Cheers, Gavin

Independent Obsever said...

Yaakov's comment is not only welcome but true. Here is more information on the institutionalised anti-Semitism of the New York Times:

Just a sample of the anti-Semitic incidents among the many at the New York Times:

- The Times' front-page mis-characterisation of the withdrawal of NIC nominee Freeman. The Times' story hewed closely to Freeman's own Protocols-like Jew-hatred.

- Times' op-ed writer Nicholas Kristof's mis-characterisation of Operation Susannah as a massive terrorist operation by Israel.

- Times' op-ed writer Maureen Dowd's little game of find-the-Jew-in-the-woodpile, with her conclusion that the ill-advised Iraq war is to be blamed on .... three Jews! (Wolfowitz, Feith, Perle).

Barry Meislin said...

For your reading pleasure:

Hey, let's do on on-line poll: Should the NYT report on something like this?
1 - Yes, absolutely
2 - Absolutely not
3 - Absolutely maybe
4 - Only if they feel like it
5 - It depends
6 - Sometimes

Barry Meislin said...

Silly me. I forgot to add the most compelling option:

7 - Yes, but only if it makes Israel (and especially Avigdor Lieberman) look bad.

Anonymous said...

your link demands that I become some kind of member - is there another one?


Barry Meislin said...

Sorry. Try this link:

And then compare it with this most interesting article:

Yaacov said...

A fellow who isn't managing to post, asked that I do so. Shortened, to fit in:
Finally, this incessant bad news and, indeed, the exaggerated criticism and baleful concentration on Israel, does have at least one positive outcome. Whether it likes it or not, Israel has to operate, and meet challenges, in situations which are very unusual and quite unlike those prevailing in other Western societies, whose authorities occasionally have to make a few decisions about fighting crime etc. The fact is that your leaders and soldiers and police have to constantly make decisions in fraught situations, which have no easy answers and not much guidance from elsewhere. The human temptation and inclination to make wrong but easy decisions, and take short-cuts, and do a "little evil", must be profound. Very understandable.

However, the fact that your soldiers and police are constantly aware that even a mistake, let alone a deliberate decision, to do something morally wrong, or take the easy way out, or cause unnecessary harm, will undoubtedly be exposed and unfairly excoriated, must serve as a powerful additional human incentive on these people to try to do the right thing, and take care to avoid harm.

This means that citizens and friends of Israel can know for sure that almost all these stories are rubbish, or exaggerated, or only partly true or taken out of context, and that where they are not, the culprits will be dealt with. Imagine what life would be like if you knew that in fact terrible things were being done by the authorities in Israel, perhaps for understandable human reasons, but for the most part they were being concealed and no-one really cared.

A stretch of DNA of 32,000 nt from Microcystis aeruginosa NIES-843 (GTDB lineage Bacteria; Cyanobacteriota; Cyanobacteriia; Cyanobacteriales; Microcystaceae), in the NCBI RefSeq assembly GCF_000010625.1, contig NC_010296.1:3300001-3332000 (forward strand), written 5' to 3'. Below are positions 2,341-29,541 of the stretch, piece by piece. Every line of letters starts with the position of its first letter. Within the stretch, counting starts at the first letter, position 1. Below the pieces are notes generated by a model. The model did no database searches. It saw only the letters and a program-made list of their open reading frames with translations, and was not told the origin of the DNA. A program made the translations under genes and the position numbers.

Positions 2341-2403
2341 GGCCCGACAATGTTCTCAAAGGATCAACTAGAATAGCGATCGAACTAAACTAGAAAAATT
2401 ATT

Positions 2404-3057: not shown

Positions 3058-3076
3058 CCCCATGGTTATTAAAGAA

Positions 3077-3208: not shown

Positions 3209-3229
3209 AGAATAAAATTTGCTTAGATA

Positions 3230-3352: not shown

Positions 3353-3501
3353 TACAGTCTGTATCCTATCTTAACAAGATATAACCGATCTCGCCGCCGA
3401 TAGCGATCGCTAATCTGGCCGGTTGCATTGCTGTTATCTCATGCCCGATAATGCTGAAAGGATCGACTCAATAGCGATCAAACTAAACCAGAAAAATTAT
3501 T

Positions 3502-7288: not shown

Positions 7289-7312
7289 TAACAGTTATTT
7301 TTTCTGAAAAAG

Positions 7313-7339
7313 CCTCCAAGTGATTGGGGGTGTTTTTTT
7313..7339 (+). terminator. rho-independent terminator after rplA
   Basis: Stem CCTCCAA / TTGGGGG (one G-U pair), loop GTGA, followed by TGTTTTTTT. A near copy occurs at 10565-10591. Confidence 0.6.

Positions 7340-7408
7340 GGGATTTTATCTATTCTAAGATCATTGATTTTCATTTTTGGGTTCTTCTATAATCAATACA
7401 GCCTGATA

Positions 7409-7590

In the long run, Israel and its society can only benefit from this pressure by the constant need to get it right, and when not, to learn from the error. It’s not entirely co-incidental that the Palestinians, subject to no real scrutiny and criticism are languishing where they are, whilst Israel, subject to unending criticism and complaint goes from strength to strength.

Yaacov said...

Thanks to all the discussant, and I"ll respond in a separate post.

Anonymous said...

Latest from the media

found on the Vatican's (radio) site reporting on the recent synod - Silke

Through the eyes of a Jew...
For the fist time, since its foundation almost 80 years ago, Vatican Radio has been able to offer a webpage in Hebrew with up-to-date information about the just-ended Synod of Bishops for the Middle East. Yes, the radio actually employed a young woman, her name is Hana Bendcowsky, to create and update a special webpage that aimed to make quite sure "that the Israeli public" be correctly and well-informed about Synod proceedings and the message of the Bishops with no margin for misunderstandings and controversy. Linda Bordoni spoke to Hana, who is a Jewish expert on early church history and Programme Director of the Jerusalem Center for Jewish-Christian Relations, about her background and her work, both here at the radio, and back home in Jerusalem…

- all the other documents seem to be available now here

Sylvia said...

As you know,I have been following that synod from the beginning. I have also followed how and by whom its conclusion were twisted by some in the media in what I would call "the itinerary of deceit".